15 Ways Going to College Is Way Different Now Vs. When You Went
Recorded lectures, luxurious dorm rooms, and tons of loans.
The life of the typical undergraduate looks much different today than it did even 10 years ago. For instance, while students once had to either attend class or miss out on the material entirely, today's co-eds have the luxury of watching recorded lectures online whenever they please. And while students used to call their randomly assigned roommates before move-in day to introduce themselves, incoming freshmen now communicate with their future roomies online and via text for weeks well before they even step foot on campus. If you got your B.A. decades ago, read up on the ways college is different now versus in the latter half of the 20th century.
Lectures are recorded and posted online.
Can't make it to your 8 a.m. biology lecture? No problem. Nowadays, a surprising number of college classes are recorded and later put online for students to use as study material. And for those classes that aren't made available in video format, students can always just refer to their online textbooks, notes, and other virtual course materials. The internet has truly made going to college easier than ever.
You can attend school online entirely.
Arizona State University. Drexel University. Washington State University. What do these schools have in common? All three of them offer entirely online programs, from bachelor's degrees to master's degrees. Yes, believe it or not, today's students have the option to go to school online and, from the comfort of their couch, earn degrees. It's amazing how far technology has come!
There are more women enrolled.
If you went to college in the '60s, '70s, or '80s, then it's more than likely that your campus and classes were testosterone-heavy. However, one of the major ways college is different these days is the gender ratio. According to data from the U.S. Bureau of Labor Statistics, the college enrollment rate for 2016 female high school graduates was 71.9 compared to just 67.4 percent for male high school graduates.
And more minorities.
Women aren't the only ones taking the lead in college classrooms. In the same U.S. Bureau of Labor Statistics report, it was revealed that the college enrollment rates for 2016 Asian high school graduates, Hispanic high school graduates, and black high school graduates were 92.4 percent, 72 percent, and 58.2 percent respectively.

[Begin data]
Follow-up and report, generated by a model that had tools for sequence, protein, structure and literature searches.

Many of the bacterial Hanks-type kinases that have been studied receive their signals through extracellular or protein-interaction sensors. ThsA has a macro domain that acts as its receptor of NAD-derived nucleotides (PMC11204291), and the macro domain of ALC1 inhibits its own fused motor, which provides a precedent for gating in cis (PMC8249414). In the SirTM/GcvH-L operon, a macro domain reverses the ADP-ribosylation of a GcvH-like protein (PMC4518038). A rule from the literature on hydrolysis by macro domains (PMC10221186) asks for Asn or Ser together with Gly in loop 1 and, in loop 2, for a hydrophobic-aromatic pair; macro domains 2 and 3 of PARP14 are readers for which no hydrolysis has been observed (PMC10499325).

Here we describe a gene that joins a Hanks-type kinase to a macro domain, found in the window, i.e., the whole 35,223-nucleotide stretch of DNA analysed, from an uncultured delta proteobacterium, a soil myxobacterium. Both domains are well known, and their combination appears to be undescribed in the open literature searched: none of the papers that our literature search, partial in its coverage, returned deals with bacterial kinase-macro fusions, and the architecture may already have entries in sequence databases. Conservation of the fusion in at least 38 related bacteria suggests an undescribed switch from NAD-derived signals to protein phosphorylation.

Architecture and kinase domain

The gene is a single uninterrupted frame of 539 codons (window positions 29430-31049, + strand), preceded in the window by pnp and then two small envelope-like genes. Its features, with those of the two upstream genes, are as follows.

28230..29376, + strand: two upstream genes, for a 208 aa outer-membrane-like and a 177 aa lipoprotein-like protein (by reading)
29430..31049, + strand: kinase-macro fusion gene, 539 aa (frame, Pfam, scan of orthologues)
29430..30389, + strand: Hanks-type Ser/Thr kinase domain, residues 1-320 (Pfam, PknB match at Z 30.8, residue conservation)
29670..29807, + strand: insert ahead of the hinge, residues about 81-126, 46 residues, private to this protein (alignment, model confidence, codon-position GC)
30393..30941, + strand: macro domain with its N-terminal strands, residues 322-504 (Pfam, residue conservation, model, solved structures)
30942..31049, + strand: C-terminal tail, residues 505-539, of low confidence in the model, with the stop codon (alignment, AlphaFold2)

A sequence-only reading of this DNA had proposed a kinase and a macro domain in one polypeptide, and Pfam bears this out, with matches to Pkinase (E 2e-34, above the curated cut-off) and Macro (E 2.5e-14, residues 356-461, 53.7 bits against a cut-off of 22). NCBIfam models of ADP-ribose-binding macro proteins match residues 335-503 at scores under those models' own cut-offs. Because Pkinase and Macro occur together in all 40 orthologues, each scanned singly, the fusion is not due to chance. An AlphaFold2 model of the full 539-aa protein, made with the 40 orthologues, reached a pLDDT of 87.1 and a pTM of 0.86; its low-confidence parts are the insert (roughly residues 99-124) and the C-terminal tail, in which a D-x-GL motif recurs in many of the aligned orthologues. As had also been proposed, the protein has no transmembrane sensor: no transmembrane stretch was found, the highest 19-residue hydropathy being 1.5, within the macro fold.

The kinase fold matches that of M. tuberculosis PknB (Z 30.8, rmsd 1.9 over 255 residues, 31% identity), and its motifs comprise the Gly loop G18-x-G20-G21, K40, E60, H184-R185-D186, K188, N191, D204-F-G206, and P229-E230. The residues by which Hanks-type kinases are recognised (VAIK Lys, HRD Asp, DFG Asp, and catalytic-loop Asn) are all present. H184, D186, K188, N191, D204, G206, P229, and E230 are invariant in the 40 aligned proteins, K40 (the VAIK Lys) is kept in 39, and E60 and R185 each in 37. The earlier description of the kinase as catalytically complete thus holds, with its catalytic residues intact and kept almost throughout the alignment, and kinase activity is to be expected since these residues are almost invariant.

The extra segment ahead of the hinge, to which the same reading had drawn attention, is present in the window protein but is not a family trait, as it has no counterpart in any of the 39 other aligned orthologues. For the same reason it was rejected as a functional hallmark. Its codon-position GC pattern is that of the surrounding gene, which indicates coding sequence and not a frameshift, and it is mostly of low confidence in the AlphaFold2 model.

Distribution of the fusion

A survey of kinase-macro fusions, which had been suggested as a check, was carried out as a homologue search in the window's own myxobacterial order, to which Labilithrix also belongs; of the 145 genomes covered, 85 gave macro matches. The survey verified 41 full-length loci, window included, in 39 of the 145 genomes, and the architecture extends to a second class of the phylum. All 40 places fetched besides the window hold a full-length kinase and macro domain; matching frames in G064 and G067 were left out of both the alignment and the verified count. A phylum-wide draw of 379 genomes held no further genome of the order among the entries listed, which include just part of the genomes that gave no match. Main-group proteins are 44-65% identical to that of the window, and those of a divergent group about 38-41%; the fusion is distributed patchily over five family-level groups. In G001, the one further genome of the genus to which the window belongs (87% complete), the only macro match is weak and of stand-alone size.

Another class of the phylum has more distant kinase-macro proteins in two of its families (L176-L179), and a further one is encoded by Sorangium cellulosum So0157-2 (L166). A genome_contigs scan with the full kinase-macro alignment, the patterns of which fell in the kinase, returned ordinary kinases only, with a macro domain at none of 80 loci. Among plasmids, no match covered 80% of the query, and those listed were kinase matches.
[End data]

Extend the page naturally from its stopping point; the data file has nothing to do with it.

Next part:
Seeing as only 56 percent of Asians, 22 percent of Hispanics, and 31 percent of black individuals between the ages of 18 to 24 were enrolled in college as recently as 2000, this is definitely a far cry from the lack of diversity people saw on college campuses in the 20th century.
There are dozens of new majors for students to choose from.
Computer game design. Data science. Digital forensics and cyber security. Nanotechnology. These are just some of the majors now offered by colleges from coast to coast that people who got their undergraduate degrees even 20 years ago weren't given the chance to explore. Between advancements in technology and emerging social issues, colleges are constantly adding new majors to their catalogs in order to keep up with the job market.
College tuition is much more expensive.
If you attended university 30 or more years ago, then you'd be appalled by the cost of college today. According to CollegeBoard, the cost of tuition at a private four-year college during the 1988-1989 school year was $17,010; comparatively, in the 2018-2019 academic year, it was $35,830, which is more than double. And that doesn't include room and board, textbooks, and all the other costly accompaniments of earning a college degree.
And so are textbooks.
Textbooks today cost more much than they used to. In fact, an infographic of data from the Bureau of Labor Statistics and the Census Bureau cited by HuffPost notes that from 1978 to 2014, the cost of educational books rose by a staggering 812 percent.